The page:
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Image Japanese samurai armour (Sendai-do no gusoko), c1735

TLF ID R4418

This is a suit of samurai armour made around 1735. The body is made from black lacquered steel on leather, while the helmet (kabuto) and face mask (yodare kake) are made from beaten metal. The armour includes shoulder guards (sode), sleeves (kote), gloves, thigh guards (haidate) and shin guards (suneate). Chainmail has been used on the sleeves and leg guards. The separate plates (lamella) are strung together with coloured silk and leather cords and decorated in places with silk trim. The armour measures 150 cm x 80 cm x 60 cm and weighs 10 kg.

Tags: Samurai

Educational details

Educational value
  • This asset is a distinctive suit of armour worn by a Japanese samurai in the middle Edo period of the 18th century - based on the evidence provided by the mon, or maker's mark (a small engraved brass plaque on the body section), it was made by Muneyoshi of the House of Myouchin.
  • It illustrates how a samurai dressed for war - this type of armour was popular with Victorian collectors, and was most likely acquired in Japan by a European collector in the 19th century, a time in Japanese history when the armour was most likely to be worn for show and ceremony; the armour was donated to the Colonial Museum (forerunner of the Museum of New Zealand Te Papa Tongarewa) in 1883.
  • It illustrates a style of armour very different from European armour, which took its shape from the owner's body - Japanese gusoku were suspended from, rather than fitted to, the body, so as to give way under blows; it was also about one-third the weight of traditional European armour.
  • It reflects the place of samurai in Japanese society - for more than a thousand years they were members of a powerful military caste; they started out as warriors employed to serve the interests of the lords of the land, with high ideals of loyalty and sacrifice; after the 1500s they became powerful administrators and keepers of the peace.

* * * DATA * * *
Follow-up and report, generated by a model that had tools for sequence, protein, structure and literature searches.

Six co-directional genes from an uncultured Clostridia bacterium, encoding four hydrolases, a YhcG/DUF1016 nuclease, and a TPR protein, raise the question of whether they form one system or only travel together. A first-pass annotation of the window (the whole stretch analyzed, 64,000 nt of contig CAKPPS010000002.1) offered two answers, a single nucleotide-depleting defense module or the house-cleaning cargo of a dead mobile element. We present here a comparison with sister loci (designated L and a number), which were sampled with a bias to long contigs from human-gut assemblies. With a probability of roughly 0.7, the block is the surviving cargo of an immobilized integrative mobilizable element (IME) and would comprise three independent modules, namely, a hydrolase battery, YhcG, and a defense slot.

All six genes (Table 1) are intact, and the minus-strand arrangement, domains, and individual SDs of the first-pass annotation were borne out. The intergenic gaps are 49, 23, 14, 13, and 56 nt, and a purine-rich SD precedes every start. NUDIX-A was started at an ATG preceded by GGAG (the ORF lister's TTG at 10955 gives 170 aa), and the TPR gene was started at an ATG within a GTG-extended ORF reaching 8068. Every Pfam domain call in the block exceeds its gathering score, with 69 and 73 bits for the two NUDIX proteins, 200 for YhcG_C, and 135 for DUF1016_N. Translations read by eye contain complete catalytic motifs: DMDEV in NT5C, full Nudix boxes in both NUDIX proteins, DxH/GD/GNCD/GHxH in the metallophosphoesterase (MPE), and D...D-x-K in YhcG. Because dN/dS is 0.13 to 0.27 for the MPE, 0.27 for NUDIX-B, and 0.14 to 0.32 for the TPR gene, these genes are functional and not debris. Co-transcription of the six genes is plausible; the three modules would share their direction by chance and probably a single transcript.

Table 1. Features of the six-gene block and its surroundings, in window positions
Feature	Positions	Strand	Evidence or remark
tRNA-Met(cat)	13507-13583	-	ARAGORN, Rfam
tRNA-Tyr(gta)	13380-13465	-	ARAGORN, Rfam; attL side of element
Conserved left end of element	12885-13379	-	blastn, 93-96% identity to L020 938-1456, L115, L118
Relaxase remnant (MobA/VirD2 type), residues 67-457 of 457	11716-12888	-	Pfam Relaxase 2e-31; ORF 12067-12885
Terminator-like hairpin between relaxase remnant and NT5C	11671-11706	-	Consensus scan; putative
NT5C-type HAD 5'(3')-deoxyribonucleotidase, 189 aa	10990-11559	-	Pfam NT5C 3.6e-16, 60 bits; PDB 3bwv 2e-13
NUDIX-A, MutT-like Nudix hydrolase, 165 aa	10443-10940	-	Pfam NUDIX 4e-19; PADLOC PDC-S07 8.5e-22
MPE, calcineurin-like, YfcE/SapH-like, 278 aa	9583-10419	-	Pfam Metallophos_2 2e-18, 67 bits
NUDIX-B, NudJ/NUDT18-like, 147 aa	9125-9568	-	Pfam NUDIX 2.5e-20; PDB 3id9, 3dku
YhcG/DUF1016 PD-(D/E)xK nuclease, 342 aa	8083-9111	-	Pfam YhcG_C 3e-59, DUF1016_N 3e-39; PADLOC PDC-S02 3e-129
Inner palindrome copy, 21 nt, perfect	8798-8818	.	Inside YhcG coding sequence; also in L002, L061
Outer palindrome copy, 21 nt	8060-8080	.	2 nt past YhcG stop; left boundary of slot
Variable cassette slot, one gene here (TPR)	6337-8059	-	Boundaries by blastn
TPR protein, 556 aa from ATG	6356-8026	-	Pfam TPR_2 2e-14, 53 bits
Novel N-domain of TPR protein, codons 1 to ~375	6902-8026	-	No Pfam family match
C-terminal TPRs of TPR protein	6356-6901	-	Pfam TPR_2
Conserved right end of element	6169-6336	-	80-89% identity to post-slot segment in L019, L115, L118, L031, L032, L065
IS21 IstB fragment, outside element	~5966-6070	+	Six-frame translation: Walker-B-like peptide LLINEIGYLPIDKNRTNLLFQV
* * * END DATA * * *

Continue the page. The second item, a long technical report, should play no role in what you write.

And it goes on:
• It illustrates the use of lacquer on armour - lacquer was made from the milky sap of trees from the Rhus family, which hardened in a form similar to plastic, making it hard, durable and resistant to water, acids, scratches and heat.
  • It is the first suit of armour to be fully conserved in New Zealand - the conservation took more than two years of work, including specialist work on conserving the lacquer; as a result, the armour should now maintain its current condition for several hundred years.

Other details

  • Content provider
  • Copyright holder
  • Organisation: Museum of New Zealand Te Papa Tongarewa
  • Remarks: Reproduced courtesy of the Museum of New Zealand Te Papa Tongarewa
  • Author
  • Organisation: Muneyoshi of the House of Myouchin
  • Remarks: designer
  • Publisher
  • Date of contribution: 02 Sep 2013
  • Organisation: Education Services Australia
  • Address: Melbourne VIC 3000 Australia
  • URL:
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  • Image
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  • © Education Services Australia Ltd and Museum of New Zealand Te Papa Tongarewa, 2013, except where indicated under Acknowledgements